Examples of measures of outcomes include changes in land consumption per unit of development, percent of new dwelling units with walk access to transit, changes in mode split, or accessibility of business to intermodal transfer points. It might also be possible to use modeling techniques to forecast and estimate expected changes from projects, or control groups to analyze changes in behavior or perception over-time. Measurement of outcomes will need to be statistically rigorous.
Approaches to Evaluation: Evaluations are not easy and will require some investment of staff and budgets. There will be a broad range in evaluation budgets of proposals. Because TCSP applications had strict length limits, some proposals began with an initial evaluation plan. All projects should develop detailed plans as an initial step. Early planning for evaluation will help focus the project and ensure collection of baseline data.
Scope of Evaluation: The plan should identify factors to be considered. Typically this might include consideration of travel patterns, modes used, vehicle miles traveled, and other changes in activity patterns. Other factors include economic and community impacts, costs, and benefits. Institutional factors may involve how barriers to change were overcome.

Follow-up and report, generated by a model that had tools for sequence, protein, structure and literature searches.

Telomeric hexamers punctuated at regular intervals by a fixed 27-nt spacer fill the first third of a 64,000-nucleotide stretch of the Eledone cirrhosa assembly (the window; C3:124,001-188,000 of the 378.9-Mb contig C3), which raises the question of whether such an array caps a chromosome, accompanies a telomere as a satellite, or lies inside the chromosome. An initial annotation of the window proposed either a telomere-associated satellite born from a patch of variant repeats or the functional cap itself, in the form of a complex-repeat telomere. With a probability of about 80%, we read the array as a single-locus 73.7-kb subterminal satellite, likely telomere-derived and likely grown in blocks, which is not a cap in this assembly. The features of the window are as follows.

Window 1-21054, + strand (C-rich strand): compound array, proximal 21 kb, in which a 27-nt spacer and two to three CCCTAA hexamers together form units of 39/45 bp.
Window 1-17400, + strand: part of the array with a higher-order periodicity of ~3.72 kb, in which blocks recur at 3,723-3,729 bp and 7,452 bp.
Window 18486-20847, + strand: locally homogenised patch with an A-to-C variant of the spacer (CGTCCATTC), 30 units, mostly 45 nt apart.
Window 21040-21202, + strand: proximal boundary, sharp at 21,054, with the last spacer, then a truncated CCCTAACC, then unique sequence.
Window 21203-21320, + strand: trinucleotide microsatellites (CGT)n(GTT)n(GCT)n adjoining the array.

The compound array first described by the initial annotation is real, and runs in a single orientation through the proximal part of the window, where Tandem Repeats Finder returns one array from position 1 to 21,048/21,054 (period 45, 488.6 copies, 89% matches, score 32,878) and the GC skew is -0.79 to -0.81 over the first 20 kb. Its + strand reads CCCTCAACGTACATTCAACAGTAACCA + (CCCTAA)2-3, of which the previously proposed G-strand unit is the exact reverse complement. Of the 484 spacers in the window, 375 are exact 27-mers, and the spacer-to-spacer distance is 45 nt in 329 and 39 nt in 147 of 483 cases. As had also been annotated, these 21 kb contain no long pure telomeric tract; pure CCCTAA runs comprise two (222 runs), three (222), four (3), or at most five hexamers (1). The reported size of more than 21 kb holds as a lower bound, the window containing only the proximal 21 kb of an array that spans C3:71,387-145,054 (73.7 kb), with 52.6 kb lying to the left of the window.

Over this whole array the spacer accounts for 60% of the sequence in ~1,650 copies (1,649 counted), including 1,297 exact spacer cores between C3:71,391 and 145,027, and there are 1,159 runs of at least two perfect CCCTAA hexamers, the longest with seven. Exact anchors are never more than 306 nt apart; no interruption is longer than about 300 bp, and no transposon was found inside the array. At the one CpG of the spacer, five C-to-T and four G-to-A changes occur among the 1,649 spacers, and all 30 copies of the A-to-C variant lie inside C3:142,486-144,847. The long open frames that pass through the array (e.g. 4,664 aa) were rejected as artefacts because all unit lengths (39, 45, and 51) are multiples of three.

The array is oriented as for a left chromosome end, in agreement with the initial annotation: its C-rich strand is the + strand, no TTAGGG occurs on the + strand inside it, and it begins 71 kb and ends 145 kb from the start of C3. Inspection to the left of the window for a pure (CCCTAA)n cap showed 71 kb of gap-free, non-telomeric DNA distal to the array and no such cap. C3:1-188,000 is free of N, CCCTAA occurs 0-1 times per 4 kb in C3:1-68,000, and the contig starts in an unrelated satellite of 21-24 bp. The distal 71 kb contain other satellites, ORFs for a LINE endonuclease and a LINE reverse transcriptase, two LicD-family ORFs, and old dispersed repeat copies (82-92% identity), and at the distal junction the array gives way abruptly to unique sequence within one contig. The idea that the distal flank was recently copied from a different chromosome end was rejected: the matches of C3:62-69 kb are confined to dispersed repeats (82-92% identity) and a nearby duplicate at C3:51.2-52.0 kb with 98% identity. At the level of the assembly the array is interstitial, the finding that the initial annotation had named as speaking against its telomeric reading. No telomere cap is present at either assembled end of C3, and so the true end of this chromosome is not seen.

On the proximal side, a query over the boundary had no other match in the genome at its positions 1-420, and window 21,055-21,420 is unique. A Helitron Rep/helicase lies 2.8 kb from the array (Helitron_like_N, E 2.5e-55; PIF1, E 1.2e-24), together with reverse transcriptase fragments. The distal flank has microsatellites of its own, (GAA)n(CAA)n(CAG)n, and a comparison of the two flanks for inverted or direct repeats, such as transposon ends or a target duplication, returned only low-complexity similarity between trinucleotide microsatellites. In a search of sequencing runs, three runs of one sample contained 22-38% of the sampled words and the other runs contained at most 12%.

Focused versus Comprehensive Evaluation: Projects that expect to evaluate an overwhelming number of factors are unlikely to succeed. It is more practical, realistic, and credible to focus on specific objectives and formulate and evaluate modest but interesting basic hypotheses.
Roles and Responsibilities: Plans must specify who does what among the participants involved in the proposal. Who has lead responsibility for evaluation? What are working relationships among participants in terms of providing budgets, staff, technical tools, data bases, or data collection? Who will produce evaluation products, including reports, manuals, web-sites, or conference papers?